Lateral Search Dos and Don’ts: Tips from Both Sides of the Lateral Coin

Moving firms is a laborious and time-consuming task. Without assistance, your search may sputter and stall. Legal recruiters were instrumental in my two lateral moves, each significantly boosting my compensation and firm prestige. Trying to make these moves independently proved fruitless, underlining the importance of a skilled recruiter.

Choosing the Right Legal Recruiter

As a practicing attorney, I responded to recruiter emails based primarily on the opportunities they presented, often lured by promises of higher compensation, better hours, or work in fields like entertainment, sports, or cyber law. My criteria were simple: (a) an appealing opportunity, and (b) the recruiter graduated law school. Beyond that, I did minimal research.

This approach was too simplistic. A good recruiter acts as your agent, providing practical advice and actively advancing your career goals, rather than merely seeking a quick placement. Essentially, recruiters are brokers, introducing you to firms potentially interested in hiring you. This is a crucial perspective to maintain.

Recruiters sometimes need to temper your unrealistic goals, while other times, they make your dreams a reality, depending on the situation.

Dos and Don’ts from My Experiences

From my journey as an associate using recruiters and now being one, here are some key dos and don’ts:

  • Do review your recruiter’s LinkedIn, website, and articles. A quick check can reveal much about their resources and approach.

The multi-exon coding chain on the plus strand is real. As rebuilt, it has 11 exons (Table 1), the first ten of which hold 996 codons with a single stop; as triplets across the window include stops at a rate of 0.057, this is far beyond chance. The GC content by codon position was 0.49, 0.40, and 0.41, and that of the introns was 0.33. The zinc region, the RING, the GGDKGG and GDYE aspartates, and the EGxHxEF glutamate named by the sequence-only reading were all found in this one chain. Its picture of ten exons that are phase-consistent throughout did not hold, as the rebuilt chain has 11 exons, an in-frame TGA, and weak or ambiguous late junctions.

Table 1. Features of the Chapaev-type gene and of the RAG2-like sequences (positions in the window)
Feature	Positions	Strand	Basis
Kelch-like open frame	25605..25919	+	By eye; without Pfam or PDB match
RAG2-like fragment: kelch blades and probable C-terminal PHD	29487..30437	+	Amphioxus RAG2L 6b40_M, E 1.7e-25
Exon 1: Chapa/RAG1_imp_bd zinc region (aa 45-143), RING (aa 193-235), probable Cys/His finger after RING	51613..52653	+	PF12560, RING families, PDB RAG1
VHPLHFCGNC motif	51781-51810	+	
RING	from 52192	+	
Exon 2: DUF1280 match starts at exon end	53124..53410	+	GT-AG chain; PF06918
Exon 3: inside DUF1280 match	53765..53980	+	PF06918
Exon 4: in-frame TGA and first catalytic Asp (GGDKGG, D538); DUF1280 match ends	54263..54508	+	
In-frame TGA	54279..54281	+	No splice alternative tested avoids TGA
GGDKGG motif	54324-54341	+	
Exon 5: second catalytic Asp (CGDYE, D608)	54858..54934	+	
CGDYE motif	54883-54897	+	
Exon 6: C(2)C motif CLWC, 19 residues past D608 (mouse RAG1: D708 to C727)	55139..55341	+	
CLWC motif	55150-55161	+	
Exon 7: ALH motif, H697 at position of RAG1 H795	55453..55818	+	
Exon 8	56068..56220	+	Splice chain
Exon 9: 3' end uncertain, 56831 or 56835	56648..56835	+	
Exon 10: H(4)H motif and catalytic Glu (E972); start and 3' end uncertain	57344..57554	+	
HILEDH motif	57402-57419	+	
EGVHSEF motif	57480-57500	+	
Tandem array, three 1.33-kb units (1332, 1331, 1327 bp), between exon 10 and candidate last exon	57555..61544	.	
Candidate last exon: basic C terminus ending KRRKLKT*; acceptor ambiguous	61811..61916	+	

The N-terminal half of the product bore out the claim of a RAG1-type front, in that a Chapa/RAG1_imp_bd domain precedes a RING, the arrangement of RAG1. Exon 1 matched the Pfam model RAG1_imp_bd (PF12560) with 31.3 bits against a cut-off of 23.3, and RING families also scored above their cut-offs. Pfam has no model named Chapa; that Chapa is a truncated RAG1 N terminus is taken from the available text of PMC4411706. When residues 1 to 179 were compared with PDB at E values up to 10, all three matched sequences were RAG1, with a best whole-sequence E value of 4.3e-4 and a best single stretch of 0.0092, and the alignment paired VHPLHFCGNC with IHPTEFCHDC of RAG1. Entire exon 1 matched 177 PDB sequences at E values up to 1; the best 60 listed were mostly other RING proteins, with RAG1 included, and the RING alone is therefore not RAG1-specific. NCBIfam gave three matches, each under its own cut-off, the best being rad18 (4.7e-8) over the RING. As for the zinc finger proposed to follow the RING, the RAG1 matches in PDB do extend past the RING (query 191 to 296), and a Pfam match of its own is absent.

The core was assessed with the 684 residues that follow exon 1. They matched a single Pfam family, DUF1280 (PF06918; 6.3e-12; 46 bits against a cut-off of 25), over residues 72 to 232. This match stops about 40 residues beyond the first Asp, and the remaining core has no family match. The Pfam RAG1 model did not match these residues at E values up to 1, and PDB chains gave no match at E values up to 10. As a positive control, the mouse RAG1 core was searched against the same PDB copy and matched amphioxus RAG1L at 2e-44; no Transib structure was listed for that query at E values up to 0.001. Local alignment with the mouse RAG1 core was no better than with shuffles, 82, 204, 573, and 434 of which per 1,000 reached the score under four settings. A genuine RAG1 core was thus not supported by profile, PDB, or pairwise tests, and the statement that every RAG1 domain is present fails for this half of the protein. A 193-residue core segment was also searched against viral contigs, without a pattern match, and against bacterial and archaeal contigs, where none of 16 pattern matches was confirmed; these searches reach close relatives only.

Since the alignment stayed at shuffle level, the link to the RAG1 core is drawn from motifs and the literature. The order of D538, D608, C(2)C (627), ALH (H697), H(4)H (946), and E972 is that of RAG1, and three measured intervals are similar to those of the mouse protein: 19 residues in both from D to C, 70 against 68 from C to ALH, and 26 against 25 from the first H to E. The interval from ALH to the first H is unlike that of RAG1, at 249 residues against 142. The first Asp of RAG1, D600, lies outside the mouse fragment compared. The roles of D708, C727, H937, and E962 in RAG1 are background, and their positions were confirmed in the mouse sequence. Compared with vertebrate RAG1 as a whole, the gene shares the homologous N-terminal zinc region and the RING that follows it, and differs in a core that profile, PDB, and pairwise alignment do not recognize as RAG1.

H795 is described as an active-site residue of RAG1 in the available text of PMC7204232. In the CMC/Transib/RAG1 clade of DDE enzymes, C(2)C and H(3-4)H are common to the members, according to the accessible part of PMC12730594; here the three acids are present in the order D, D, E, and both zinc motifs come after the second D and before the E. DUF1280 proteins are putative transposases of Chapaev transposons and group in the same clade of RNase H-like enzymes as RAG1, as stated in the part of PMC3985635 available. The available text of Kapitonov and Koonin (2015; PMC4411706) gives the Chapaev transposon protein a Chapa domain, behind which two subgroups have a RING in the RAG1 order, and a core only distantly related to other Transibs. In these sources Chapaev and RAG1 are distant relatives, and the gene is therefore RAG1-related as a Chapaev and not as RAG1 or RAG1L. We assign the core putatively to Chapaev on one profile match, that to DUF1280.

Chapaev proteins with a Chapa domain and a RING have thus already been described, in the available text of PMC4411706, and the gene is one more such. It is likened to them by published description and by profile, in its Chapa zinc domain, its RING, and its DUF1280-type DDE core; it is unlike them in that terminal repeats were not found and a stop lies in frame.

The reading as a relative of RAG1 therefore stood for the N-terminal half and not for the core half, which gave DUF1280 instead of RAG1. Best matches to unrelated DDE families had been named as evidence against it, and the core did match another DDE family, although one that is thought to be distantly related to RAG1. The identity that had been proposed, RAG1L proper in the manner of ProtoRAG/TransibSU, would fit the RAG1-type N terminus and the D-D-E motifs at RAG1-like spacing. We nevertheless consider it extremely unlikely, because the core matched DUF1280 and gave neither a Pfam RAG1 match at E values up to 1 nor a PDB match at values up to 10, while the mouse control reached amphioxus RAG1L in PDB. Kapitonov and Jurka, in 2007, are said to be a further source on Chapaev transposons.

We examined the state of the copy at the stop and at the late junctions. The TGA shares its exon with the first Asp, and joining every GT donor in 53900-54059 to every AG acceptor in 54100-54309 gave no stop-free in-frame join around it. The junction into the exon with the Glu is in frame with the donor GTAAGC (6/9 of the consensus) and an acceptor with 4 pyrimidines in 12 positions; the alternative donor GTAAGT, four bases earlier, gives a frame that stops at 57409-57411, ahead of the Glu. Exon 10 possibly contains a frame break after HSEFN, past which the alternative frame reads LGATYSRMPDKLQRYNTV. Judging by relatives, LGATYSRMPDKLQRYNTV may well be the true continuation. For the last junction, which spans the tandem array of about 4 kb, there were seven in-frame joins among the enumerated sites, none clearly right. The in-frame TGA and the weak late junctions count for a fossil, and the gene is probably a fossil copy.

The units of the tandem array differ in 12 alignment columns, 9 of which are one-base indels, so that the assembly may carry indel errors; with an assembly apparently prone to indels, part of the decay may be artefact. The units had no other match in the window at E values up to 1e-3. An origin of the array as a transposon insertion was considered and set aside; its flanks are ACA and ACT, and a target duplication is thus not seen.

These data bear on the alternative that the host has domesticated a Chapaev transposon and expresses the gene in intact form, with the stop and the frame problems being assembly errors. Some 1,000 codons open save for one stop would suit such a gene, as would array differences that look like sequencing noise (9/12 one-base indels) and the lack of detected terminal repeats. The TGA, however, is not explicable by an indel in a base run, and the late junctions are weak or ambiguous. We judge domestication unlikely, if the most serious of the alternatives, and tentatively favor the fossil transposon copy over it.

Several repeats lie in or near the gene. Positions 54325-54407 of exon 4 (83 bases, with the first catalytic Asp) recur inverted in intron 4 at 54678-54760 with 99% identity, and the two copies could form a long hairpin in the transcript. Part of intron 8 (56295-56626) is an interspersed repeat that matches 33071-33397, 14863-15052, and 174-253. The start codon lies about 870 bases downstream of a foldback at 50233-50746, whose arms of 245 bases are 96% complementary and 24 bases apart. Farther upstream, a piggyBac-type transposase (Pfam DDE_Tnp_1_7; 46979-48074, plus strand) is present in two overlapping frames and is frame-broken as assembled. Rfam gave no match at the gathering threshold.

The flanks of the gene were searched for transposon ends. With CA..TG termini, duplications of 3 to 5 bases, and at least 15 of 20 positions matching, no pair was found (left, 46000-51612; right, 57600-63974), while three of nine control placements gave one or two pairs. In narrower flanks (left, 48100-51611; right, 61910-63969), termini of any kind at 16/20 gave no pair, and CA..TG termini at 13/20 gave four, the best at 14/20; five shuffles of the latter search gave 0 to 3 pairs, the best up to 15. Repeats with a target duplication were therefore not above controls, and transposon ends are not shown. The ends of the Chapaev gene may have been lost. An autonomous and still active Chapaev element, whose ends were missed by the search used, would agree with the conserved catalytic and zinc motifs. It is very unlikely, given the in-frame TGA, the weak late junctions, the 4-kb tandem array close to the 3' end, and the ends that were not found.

• Don’t choose a recruiter solely for their pedigree. While pedigree can indicate industry knowledge and competence, some of the best recruiters at Lateral Link, for example, don’t have a law school background.
  • Do collaborate with recruiters who align with your career aspirations yet remain realistic about your goals. They should be knowledgeable about the market and provide insightful guidance. That means knowing when to go for it and when to ground expectations in reality. 
  • Don’t work with recruiters who are not solution-focused or try to push you into roles they’re trying to fill. Your lateral search should be a collaborative effort with a recruiter who supports your journey and guides you through the process.
  • Do be judicious about sharing your application materials. A reliable recruiter only submits your application to firms you’ve approved, avoiding potential issues and application conflicts.
  • Don’t engage with too many recruiters simultaneously. This can lead to confusion and difficulties in managing submissions, as well as weakening your position in offer negotiations.